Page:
Reassuring Harrison Smith



With the 29th pick in the draft, the Vikings crept in and selected Harrison Smith. This will be the most controversial pick for Minnesota in the 2012 NFL draft. Safety was one of the weakest positions in the draft again, as it has been in recent years. To give you an idea of how often above average talents like Smith come through the draft, here is a breakdown of first round safeties in the past ten years.

2011: NA
2010: Eric Berry- 5, Earl Thomas- 14
2009: NA
2008: Kenny Philips- 31
2007: Laron Landry- 6, Michael Griffin- 19, Reggie Nelson- 21, Brandon Meriweather- 24
2006: Michael Huff- 7, Donte Whitner- 8
2005: Thomas Davis- 14
2004: Sean Taylor- 5
2003: Troy Polomalu- 16
2002: Roy Williams- 8, Ed Reed- 24, Mike Rumph- 27

There it is, 15 first round safeties in the last ten years. You can see both ends of the spectrum here, from big-time bust Mike Rumph to future HOFer Ed Reed. This shows that the success rate of safeties in the first round is about 75%, much higher than receivers or cornerbacks. Fortunately, I think Smith will not be an exception.

He is a decent athlete for a safety, sound tackler and has above average zone skills, fitting our defense well. He will start immediately and this should benefit his development. One thing that will hurt him is the lack of a mentor. His greatest teacher will be Antoine Winfield, who doesn’t even play the same position.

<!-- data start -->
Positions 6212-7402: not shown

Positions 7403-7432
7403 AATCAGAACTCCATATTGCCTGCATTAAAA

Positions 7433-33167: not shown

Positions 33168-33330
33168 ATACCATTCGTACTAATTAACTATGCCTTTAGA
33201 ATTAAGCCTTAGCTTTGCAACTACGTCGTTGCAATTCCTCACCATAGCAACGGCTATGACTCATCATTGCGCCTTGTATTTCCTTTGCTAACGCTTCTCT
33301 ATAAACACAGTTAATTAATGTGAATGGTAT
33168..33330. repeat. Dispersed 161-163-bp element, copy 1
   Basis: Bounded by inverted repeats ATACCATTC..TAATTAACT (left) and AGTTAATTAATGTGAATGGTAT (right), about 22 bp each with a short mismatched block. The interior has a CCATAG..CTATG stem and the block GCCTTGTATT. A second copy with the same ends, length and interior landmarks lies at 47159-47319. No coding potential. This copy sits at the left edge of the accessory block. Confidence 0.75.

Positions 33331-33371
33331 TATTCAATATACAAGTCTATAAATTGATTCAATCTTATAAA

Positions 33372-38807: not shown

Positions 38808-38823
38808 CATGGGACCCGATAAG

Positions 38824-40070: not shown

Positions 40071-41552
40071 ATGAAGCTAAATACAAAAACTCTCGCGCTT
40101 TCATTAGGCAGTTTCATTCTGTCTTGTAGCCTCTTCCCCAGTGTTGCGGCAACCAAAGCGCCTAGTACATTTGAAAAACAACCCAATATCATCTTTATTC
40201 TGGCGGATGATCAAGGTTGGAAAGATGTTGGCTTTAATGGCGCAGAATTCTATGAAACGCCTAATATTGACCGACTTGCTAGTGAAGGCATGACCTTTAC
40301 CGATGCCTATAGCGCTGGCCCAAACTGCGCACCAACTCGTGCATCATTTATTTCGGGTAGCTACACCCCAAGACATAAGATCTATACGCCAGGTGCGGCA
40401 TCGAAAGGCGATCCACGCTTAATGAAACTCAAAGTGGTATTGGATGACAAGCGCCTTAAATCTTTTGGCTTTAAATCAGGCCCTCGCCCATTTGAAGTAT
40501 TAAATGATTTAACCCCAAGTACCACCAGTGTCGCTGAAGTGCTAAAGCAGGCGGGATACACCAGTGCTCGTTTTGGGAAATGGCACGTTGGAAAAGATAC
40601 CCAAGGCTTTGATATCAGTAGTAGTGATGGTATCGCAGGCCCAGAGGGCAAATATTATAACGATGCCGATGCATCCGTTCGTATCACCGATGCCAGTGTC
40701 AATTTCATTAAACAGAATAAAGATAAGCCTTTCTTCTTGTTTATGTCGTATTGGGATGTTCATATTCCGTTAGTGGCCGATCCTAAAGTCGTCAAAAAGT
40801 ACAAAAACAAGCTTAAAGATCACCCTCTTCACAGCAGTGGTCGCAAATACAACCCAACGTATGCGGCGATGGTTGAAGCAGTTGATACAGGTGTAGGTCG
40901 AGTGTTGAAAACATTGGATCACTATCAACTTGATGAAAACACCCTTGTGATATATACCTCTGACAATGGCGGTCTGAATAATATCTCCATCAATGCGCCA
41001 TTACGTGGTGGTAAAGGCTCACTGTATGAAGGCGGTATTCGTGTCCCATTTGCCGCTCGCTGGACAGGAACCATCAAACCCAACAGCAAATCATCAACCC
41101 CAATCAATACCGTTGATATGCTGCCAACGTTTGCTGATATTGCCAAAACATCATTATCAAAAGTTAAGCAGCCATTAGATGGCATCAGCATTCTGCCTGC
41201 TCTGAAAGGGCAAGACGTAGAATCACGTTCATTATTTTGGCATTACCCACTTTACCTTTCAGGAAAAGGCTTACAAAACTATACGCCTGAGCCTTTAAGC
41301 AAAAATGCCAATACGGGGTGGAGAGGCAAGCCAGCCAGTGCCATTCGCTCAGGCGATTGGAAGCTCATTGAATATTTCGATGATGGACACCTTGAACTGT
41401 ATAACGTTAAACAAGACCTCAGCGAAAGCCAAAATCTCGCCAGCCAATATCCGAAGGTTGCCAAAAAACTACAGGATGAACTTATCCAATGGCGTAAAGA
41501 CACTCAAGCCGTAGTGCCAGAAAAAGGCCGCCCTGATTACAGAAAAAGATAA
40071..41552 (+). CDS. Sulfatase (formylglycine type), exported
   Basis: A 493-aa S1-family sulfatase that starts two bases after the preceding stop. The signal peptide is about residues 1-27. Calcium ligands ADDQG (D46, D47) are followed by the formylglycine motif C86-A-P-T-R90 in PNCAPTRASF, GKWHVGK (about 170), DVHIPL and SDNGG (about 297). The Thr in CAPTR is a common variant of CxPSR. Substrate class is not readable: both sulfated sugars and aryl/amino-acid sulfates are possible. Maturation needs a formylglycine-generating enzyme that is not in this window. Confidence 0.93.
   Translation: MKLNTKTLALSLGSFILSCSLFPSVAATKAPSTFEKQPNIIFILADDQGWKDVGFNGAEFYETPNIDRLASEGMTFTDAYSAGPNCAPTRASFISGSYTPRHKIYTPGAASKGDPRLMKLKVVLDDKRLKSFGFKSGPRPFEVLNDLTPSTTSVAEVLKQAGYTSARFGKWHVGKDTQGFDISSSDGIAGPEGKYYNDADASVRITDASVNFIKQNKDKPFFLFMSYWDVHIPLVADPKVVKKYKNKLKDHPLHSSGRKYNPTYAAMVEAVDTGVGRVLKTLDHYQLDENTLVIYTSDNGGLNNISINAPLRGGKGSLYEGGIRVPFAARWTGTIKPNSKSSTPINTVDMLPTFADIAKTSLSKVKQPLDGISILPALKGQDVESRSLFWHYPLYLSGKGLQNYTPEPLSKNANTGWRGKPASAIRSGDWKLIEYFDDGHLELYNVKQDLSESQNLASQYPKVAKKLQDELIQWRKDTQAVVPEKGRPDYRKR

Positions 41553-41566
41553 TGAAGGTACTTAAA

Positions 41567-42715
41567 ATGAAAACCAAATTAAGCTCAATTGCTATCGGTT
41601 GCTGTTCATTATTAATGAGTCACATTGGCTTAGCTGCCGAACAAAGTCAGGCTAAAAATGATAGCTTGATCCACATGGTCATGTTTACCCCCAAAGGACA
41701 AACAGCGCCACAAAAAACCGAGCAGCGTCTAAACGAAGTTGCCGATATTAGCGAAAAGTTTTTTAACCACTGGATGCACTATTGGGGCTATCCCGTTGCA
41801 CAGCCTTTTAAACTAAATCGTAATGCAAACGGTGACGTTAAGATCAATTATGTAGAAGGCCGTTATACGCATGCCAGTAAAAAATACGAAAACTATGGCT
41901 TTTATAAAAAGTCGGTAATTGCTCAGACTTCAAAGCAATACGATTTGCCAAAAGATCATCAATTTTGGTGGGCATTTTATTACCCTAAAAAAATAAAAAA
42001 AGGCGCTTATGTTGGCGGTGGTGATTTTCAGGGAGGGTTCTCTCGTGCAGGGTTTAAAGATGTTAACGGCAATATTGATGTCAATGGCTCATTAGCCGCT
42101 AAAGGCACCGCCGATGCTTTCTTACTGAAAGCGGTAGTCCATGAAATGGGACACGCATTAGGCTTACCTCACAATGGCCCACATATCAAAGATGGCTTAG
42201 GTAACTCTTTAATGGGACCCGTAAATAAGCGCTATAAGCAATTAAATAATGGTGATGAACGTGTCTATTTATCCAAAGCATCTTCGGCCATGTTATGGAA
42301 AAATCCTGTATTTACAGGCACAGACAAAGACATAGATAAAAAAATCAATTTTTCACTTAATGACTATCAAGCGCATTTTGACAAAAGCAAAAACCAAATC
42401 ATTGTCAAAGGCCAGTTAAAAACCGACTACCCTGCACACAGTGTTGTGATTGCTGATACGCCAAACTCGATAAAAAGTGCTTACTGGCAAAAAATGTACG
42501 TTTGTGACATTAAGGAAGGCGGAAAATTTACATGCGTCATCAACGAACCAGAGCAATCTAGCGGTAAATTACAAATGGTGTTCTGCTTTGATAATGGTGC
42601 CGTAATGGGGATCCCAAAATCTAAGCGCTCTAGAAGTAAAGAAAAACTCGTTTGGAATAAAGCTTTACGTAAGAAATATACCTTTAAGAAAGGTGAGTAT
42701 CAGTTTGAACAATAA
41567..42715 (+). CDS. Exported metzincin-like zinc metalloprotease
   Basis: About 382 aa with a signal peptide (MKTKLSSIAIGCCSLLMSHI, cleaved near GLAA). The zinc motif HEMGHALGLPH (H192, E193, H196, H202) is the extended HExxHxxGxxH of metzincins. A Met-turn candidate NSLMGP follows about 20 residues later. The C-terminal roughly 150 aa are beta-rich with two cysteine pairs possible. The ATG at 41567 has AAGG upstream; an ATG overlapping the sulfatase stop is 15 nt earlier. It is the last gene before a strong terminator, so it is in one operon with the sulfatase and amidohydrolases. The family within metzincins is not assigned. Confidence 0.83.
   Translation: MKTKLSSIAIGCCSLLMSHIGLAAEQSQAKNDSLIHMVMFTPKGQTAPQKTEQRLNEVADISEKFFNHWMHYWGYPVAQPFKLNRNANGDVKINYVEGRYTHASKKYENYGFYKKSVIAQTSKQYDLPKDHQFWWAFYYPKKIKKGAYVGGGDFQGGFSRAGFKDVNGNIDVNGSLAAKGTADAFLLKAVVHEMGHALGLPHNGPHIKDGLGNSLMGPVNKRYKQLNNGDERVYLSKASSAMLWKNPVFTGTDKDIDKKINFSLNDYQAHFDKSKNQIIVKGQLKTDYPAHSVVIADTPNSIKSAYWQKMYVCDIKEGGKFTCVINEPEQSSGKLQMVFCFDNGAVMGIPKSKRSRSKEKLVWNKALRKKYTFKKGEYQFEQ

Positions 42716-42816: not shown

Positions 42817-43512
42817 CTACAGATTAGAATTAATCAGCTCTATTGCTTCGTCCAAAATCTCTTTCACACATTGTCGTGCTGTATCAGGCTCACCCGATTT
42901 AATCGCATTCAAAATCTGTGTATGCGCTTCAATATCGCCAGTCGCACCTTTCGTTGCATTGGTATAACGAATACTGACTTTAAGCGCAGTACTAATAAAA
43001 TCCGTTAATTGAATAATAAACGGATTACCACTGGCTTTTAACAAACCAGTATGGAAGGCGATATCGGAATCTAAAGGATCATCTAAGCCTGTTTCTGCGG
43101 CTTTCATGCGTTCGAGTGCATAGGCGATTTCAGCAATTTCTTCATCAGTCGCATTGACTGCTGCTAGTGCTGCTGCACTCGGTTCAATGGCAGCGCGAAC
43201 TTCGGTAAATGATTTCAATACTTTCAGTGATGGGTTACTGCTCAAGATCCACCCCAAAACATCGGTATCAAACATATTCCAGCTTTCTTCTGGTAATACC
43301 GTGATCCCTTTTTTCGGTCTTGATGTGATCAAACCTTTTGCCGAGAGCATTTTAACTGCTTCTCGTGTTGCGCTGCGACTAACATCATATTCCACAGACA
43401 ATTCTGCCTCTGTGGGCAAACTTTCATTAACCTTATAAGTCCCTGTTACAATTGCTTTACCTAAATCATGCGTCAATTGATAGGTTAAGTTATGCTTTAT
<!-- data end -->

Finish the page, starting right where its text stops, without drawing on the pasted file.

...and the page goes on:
By looking at the picks between 29 and 35, it is easy to justify trading up. San Francisco, Tampa, New York, Indianapolis and St. Louis all have needs at safety and it is easy to imagine Harrison getting nabbed up by one of them. Also, all we gave up was a fourth round pick. Judging by the talent we took in the fourth round, we didn’t give up a whole lot. MOAR FULLBACK.

Smith doesn’t have a super high ceiling, but what safety does? He can improve his man coverage skills through coaching and practice, but a lot of his training will come with game experience. His speed is what it is and his strength isn’t a big concern. If Smith doesn’t work out at either safety position, he may have a role at linebacker. His size and run reading skills are adequate for a linebacker and his coverage skills would be considered exceptional.

As a final thought, Harrison Smith fits our defense well and should benefit long term from starting right away. He is a solid athlete and is not someone we have to worry about off the field. At best, he is an above average starting safety; at worst, he can be a backup safety/linebacker hybrid. History says he should work out and the Vikings hope this is the franchise safety they have been longing for.

This FanPost was created by a registered user of The Daily Norseman, and does not necessarily reflect the views of the staff of the site. However, since this is a community, that view is no less important.

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